Phintelloides undulata (Caleb & Karthikeyani, 2015)
Cosmophasis undulata Caleb & Karthikeyani, 2015: 97, figs 1-10.
Remarks: This species was described from Maharashtra State, from the male holotype only. It was originally placed in Cosmophasis due to resemblance in palp morphology. However, the general body color pattern is clearly different, resembling that of a few members previously placed in Phintella. We propose to place this species in the recently erected genus Phintelloides since it shares a synapomorphic character, i.e. the presence of a short white moustache on the clypeus, along with other characters such as a pale white band behind the anterior eye row, abdomen with a yellowish brown median band and two lateral whitish bands, and the palp with a comparably longer, more slender embolus, the tegulum with a small posterior lobe and a tegular bump, the RTA broader at its base and narrowing apically, with a hook-shaped tip (see Caleb & Karthikeyani, 2015: figs 1, 3, 6, 9). Thus we are convinced that its transfer to Phintelloides is fully justified.
Phintelloides versicolor (C.L. Koch, 1846)
Plexippus versicolor C.L. Koch, 1846: 103, fig. 1165.
Phintelloides versicolor Kanesharatnam & Benjamin, 2019: 22.
For a complete list of taxonomic references see the World Spider Catalog (2020).
Specimens examined: NZC-ZSI 6945/18; 2 males, 2 females; west bank of Lacro River, 1525 m a.s.l., Moreh, Manipur, India; 13.IV.1992; leg. A.K. Hazra & party. – NZC-ZSI 7035/18; 1 female; Rain Forest Research Institute campus, 26.7824N, 94.2941E, 97 m a.s.l., Jorhat, Assam, India; 08.III.2019; leg. A. Rameshkumar. – NZC-ZSI 1542/17; 3 males, 2 females; Tharrawaddy, Myanmar (= Burma); leg. Oates; det. Thorell.
Distribution: India (new record), Myanmar (new record), China, Korea, Taiwan, Japan, Malaysia, Indonesia (Sumatra). Introduced to USA (Hawaii) (World Spider Catalog, 2020).
The Indian salticid fauna is currently represented by 257 species in 90 genera, and the tribe Chrysillini by 41 species in 12 genera (Maddison, 2015; Prószyński, 2016; Caleb, 2019). The following genera are included in the tribe Chrysillini, with the representative species numbers given in brackets: Chrysilla Thorell, 1887 (2); Epocilla Thorell, 1887 (4); Heliophanus C. L. Koch, 1833 (1); Icius Simon, 1876 (3); Menemerus Simon, 1868 (6); Nandicius Prószyński, 2016 (4); Nepalicius Prószyński, 2016 (1); Okinwaicius Prószyński, 2016 (2); Phintella Strand, in Bösenberg & Strand, 1906 (11); Phintelloides Kanesharatnam & Benjamin, 2019 (5); Rudakius Prószyński, 2016 (1); Siler Simon, 1889 (1).
With the present study the diversity of Phintelloides species in India increases from a single species to five. Two of these, P. jesudasi and P. versicolor, are known from both sexes and the remaining three are known from one sex only. The new species (P. manipur sp. nov.) is described based on the male sex, while another species (P. singhi comb. nov.) is known only from the female. At the moment of writing this text, the holotype of P. singhi comb. nov. had not yet been received by NZC-ZSI and therefore could not be re-examined, denying us the opportunity to better characterize the species and to rule out the possibility that the male of the new species is conspecific with the female of P. singhi comb. nov. However, we consider it highly unlikely that the type of the new species is conspecific with the type of P. singhi comb. nov. since the localities of both species lie 1700 km apart, in different biogeographic zones. Phintelloides singhi comb. nov. occurs in the Shivalik foothills in the northwest Himalayan region and P. manipur sp. nov. in the northeastern hills of the Indo-Burma biodiversity hotspot (Fig. 9). Moreover, the actual diversity of Phintelloides in India may be underestimated due to inadequate sampling across the Indian subcontinent. Besides, the quite short embolus of the P. manipur sp. nov. holotype presumably corresponds with a relatively short insemination ducts in the conspecific female, as it can be seen in P. brunne (see Kanesharatnam & Benjamin, 2019: figs 10 G-H, 11A-D). The epigyne of P. singhi comb. nov. is similar to that of P. orbisa, which has longer ducts than P. brunne, and thus it can be expected that the P. singhi comb. nov. male has a longer embolus than that of P. manipur sp. nov. Therefore we have good reasons to believe that the male holotype of P. manipur sp. nov. and the female holotype of P. singhi comb. nov. are not conspecific. This assumption must, however, be confirmed by new specimens of both sexes from their respective type localities.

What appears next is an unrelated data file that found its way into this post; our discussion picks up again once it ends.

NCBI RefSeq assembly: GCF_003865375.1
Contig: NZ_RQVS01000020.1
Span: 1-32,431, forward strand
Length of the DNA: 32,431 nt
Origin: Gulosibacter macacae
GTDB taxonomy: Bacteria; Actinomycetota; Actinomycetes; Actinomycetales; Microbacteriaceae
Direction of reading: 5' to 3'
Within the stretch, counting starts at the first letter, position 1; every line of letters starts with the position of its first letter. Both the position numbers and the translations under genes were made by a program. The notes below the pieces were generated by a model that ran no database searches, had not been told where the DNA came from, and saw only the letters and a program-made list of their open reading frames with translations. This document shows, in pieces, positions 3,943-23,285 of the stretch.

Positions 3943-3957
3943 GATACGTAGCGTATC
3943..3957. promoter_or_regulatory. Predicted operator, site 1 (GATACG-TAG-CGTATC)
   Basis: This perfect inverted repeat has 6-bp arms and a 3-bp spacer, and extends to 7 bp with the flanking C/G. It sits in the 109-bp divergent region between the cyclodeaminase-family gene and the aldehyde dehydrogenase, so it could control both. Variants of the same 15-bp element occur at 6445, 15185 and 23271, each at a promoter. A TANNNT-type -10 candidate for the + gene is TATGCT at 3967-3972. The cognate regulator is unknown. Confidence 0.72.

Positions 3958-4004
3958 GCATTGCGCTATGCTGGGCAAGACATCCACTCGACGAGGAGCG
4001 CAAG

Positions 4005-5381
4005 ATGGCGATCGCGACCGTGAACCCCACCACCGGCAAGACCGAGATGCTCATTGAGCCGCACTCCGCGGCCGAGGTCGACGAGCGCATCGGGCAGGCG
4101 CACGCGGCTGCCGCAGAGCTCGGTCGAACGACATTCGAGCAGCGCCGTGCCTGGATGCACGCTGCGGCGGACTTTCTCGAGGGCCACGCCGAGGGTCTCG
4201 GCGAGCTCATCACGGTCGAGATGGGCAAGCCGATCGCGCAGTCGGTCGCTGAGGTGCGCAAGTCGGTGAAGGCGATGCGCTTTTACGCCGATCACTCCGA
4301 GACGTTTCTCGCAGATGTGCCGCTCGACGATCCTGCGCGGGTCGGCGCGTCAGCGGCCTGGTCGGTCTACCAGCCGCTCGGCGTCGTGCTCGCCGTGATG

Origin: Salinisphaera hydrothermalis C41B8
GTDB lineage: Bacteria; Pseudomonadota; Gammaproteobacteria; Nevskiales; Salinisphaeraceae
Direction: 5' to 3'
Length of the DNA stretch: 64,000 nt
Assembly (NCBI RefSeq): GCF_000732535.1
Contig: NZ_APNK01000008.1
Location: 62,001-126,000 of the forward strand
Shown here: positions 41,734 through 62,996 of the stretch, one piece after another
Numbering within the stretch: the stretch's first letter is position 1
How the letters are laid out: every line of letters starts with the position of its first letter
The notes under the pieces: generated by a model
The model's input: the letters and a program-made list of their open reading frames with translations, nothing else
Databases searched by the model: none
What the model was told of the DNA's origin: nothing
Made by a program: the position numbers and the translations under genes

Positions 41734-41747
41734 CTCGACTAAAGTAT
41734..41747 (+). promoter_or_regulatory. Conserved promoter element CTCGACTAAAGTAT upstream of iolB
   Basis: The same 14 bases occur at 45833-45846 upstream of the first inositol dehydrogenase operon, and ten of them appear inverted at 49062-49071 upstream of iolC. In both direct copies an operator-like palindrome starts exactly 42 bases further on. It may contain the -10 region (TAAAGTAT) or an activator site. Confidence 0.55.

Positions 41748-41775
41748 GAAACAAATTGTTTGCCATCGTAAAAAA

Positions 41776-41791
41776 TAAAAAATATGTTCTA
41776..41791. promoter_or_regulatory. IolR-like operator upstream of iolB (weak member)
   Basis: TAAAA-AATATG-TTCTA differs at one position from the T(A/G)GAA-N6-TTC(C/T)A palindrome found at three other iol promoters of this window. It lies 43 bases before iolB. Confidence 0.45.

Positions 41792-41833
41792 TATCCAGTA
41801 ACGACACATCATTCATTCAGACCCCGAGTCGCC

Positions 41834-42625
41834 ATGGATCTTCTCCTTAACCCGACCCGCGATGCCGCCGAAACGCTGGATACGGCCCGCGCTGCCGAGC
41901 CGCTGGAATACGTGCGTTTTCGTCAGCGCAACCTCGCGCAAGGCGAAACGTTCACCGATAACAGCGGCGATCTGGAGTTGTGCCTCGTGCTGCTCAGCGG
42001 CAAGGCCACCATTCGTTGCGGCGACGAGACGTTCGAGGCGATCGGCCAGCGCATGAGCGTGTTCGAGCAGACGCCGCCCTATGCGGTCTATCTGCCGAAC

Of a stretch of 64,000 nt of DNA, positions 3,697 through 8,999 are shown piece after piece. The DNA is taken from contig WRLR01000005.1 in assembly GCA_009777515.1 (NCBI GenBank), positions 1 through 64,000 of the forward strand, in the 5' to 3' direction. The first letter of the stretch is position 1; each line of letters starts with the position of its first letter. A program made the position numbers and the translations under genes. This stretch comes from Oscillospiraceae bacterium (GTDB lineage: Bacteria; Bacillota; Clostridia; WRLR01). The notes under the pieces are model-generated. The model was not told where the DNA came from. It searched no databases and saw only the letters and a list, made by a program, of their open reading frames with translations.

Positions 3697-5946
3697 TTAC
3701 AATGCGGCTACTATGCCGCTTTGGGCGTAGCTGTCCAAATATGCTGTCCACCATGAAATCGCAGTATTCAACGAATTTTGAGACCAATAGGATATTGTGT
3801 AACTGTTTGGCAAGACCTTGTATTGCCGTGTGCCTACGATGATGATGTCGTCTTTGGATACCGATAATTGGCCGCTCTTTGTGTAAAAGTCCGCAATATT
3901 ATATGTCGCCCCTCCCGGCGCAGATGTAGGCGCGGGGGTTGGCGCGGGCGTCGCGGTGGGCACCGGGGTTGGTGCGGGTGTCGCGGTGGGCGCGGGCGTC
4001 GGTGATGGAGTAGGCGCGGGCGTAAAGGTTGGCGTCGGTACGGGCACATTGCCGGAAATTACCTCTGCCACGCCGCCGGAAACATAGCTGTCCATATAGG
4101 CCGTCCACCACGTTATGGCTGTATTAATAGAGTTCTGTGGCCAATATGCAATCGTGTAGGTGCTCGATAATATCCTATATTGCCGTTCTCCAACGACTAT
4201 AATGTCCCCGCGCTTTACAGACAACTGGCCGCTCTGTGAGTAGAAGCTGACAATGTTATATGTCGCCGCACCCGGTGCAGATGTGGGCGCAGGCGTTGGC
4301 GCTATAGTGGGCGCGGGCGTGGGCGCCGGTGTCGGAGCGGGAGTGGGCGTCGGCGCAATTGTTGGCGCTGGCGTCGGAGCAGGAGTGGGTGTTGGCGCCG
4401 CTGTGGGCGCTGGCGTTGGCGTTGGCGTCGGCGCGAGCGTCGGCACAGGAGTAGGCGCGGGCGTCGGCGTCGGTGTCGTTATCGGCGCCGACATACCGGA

We are grateful to Dr Kailash Chandra, Director of the Zoological Survey of India, for his support and for providing the necessary facilities to carry out this study.
We thank Chandan Bera for his curatorial assistance and Dr A. Rameshkumar for sharing his collections from Assam for our study. John Caleb is grateful to the American Arachnological Society for support from the Herb Levi Memorial Fund for Arachnological Research (HLMFAR). Our sincere thanks go to Dr Dmitri Logunov (Manchester Museum, UK) for his constructive comments on the manuscript and Dr Peter Schwendinger (Natural History Museum of Geneva, Switzerland) for his linguistic and editorial help that improved the manuscript greatly.